Today […yesterday, technically] is World Asthma Day. Much the same as at 12:05 AM, I have no riveting thoughts on this. I took my inhalers, I went to bed. I woke up, I took my inhalers, I went out. I took my inhalers before coaching, I came home, I went to the pharmacy and picked up more inhalers, and I’ll take medicine again before I go to bed.
And I wore this shirt that I wear one day a year.
World Asthma Day? It’s gotten boring. Just like this disease. I feel like the organizers aren’t putting the effort in, even. The theme has been “You can control your asthma” for as long as I can remember. Guess what? That hasn’t changed much either.
Maybe people with asthma would think differently about choosing to manage their disease, if they were given something to think about. We need some fresh air, y’all. (Bad puns…)
Fortunately, I’ve got a fresh announcement to make up for that.
Asthma.net launched TODAY.
Way back, I signed a blogging contract with Health-Union, LLC, which oversees Asthma.net. They took their time getting their ducks in a row—which is, as a contractor, super nice because since starting to submit work to them, everything has been SUPER ON THE BALL. I honestly do not have enough good things to say about working with them!
Asthma.net stands for the same things that I do: writing for Health-Union, I retain all credit for my work, and I get to choose my post topics—but, I have people to fall back on if I’m stuck for topics. And yes, of course, they pay me. Not only that, though, but they treat patients like experts—who knows our world better than we do, right? Health-Union has been at this awhile—and it’s clear they’ve done the work to get their relationships right.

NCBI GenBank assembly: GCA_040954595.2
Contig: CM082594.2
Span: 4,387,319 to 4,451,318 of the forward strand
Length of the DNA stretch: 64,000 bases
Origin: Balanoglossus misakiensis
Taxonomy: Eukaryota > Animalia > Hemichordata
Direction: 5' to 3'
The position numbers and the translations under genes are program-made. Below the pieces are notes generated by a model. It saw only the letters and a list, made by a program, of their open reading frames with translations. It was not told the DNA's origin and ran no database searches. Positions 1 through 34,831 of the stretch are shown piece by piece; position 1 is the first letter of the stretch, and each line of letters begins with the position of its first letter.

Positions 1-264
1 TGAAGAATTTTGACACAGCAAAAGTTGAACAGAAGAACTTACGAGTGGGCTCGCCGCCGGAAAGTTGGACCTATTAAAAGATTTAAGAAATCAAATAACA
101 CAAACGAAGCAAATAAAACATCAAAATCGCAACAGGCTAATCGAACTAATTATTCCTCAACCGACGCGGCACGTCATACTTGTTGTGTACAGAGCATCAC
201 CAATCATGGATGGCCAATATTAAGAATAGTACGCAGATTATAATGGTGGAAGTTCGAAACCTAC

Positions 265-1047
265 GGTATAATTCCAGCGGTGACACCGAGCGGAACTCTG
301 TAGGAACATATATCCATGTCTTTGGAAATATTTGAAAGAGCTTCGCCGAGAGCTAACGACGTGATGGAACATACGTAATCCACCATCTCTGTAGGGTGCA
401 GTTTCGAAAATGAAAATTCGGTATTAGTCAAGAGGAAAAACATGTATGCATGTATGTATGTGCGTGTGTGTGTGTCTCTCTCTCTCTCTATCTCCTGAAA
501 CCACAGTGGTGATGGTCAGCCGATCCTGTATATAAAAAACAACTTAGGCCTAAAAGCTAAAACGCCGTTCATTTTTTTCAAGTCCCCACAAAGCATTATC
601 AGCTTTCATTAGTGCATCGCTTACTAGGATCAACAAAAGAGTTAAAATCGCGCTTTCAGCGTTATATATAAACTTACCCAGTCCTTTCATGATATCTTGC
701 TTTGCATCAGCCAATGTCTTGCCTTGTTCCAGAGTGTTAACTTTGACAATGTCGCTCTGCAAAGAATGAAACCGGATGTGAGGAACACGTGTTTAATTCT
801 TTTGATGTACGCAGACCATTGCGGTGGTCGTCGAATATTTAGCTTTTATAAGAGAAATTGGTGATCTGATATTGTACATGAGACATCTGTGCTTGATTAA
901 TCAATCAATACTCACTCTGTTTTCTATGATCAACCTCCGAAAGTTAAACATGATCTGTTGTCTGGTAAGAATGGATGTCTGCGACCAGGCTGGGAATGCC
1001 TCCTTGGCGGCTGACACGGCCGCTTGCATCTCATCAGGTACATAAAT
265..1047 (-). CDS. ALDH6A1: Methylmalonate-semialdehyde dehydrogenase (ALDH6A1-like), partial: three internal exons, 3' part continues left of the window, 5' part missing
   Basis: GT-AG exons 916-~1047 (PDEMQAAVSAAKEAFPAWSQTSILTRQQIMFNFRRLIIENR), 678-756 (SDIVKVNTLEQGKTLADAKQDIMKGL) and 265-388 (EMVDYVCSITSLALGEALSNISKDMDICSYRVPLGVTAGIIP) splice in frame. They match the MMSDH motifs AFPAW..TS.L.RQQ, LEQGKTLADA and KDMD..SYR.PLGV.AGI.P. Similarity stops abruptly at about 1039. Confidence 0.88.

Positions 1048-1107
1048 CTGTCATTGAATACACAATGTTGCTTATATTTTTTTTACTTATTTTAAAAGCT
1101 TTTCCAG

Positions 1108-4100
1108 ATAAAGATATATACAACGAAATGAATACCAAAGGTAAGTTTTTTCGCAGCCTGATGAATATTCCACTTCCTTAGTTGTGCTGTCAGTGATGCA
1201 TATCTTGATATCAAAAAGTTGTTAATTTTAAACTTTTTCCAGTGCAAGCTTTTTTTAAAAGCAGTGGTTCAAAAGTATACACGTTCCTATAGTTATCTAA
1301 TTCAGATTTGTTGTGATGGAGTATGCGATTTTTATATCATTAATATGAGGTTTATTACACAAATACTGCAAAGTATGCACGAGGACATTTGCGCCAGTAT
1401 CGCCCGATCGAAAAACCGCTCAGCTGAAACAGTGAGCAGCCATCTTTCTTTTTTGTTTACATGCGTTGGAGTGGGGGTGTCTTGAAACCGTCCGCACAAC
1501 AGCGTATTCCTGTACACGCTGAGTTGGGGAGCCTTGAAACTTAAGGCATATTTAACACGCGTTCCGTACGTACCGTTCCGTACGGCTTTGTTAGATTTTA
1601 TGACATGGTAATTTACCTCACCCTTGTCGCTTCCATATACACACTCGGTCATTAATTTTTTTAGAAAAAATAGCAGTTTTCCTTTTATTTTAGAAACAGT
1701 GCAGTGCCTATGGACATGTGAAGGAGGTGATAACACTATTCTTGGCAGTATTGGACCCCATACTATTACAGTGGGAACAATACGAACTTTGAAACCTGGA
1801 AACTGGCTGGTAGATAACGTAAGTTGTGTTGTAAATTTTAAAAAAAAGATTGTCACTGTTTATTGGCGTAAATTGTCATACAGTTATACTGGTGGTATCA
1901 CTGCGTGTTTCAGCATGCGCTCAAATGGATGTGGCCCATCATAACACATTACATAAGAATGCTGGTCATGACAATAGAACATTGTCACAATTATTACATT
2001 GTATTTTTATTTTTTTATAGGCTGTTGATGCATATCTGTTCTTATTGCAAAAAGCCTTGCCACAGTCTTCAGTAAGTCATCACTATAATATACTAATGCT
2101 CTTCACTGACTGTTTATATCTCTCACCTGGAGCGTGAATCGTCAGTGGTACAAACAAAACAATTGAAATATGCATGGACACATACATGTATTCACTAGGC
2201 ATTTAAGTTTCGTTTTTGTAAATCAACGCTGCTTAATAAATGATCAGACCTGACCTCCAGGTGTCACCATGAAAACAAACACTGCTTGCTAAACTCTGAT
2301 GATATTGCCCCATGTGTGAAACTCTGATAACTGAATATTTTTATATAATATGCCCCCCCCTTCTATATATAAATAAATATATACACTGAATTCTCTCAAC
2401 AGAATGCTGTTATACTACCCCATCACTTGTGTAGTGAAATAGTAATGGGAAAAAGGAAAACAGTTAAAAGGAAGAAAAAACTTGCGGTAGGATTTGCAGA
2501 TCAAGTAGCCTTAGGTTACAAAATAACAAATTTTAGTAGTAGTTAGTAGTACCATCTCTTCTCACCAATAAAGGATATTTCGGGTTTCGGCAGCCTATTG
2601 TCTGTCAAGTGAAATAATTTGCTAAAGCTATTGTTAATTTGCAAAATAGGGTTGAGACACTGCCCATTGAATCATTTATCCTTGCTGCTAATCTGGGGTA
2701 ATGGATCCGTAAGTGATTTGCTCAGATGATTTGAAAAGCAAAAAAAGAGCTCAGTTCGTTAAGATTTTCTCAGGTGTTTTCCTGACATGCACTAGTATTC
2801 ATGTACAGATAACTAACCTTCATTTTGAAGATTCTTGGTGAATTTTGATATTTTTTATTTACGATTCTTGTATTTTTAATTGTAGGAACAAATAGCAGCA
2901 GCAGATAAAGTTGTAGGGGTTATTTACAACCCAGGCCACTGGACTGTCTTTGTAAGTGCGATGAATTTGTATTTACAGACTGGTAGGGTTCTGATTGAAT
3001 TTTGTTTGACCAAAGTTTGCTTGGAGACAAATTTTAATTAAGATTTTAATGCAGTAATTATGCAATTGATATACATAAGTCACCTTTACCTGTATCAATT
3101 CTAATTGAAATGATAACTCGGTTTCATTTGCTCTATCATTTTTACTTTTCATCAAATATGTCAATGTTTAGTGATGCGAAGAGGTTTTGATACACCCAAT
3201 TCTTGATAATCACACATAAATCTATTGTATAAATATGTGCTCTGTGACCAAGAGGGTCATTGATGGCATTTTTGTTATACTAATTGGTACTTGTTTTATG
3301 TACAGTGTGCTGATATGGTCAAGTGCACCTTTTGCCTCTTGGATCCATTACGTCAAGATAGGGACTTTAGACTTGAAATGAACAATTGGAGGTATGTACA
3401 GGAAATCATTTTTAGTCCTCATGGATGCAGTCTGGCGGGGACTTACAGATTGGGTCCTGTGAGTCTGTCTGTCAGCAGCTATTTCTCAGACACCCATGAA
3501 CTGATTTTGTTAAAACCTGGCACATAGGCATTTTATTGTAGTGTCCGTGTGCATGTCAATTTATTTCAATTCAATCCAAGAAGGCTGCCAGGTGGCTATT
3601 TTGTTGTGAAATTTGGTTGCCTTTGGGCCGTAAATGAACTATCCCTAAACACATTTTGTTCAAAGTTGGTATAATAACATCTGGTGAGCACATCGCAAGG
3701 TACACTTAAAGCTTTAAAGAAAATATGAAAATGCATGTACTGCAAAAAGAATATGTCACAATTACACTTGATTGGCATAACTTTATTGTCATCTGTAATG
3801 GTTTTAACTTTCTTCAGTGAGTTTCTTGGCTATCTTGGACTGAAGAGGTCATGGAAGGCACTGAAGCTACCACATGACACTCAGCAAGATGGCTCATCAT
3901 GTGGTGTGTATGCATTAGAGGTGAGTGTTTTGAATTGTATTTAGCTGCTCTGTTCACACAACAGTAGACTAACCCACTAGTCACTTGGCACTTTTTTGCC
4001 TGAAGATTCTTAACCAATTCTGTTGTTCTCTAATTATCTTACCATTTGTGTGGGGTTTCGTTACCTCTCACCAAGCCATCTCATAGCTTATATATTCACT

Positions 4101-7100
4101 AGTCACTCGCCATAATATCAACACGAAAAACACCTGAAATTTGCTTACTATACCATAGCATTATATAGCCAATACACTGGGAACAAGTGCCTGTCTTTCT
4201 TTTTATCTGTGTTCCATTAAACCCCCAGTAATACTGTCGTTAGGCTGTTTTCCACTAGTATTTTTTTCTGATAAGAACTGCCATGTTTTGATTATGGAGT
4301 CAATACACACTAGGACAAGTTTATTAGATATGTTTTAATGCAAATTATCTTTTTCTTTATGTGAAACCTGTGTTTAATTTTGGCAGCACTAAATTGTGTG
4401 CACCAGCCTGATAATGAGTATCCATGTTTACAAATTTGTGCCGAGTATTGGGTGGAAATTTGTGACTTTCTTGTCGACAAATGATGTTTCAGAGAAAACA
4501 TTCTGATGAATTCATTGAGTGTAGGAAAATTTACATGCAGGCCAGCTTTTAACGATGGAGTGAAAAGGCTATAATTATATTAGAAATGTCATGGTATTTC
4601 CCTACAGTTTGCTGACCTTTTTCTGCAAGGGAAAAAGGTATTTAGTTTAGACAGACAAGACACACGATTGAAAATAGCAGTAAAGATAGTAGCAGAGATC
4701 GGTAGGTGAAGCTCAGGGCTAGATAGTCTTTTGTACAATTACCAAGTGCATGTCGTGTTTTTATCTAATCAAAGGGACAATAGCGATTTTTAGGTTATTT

Please, check it out. I highly recommend checking out other contributors as well, but here’s where you can find my posts.
…By the way, I freaked right out when I saw one of my posts as a featured post earlier. Whaaaaat.
So, as I try (again) to write my patient story for our National Asthma Patient Alliance executive meeting in Toronto this weekend (again. I can only talk about myself so much… Said the blogger…), I’m reminded of the importance of our stories.
And I’m grateful that more and more organizations are seeing the importance of sharing patient stories in empowering patients, too.
Disclosure: I am provided per-piece compensation by Health-Union, LLC, for pieces I publish to Asthma.Net. Health-Union allows me full choice over what I contribute, as long as it falls within their guidelines (which are basically like, don’t be mean to people). I was not asked to write this post, nor was I ever asked to share Asthma.Net on social media.
I mean… If they googled me for all of 5 seconds they’d know I’d share anyways. But, they never asked me to.
1:12 am | kitchen. Felt like making something around 11:45. Still making something.
1:19 am | kitchen. And this is where I stop for the night. Pleasantly surprised with how the hair is coming. (I’m responding to the “draw a song” art journal prompt I saw online, using Feels Like Forever by Lacey Sturm.)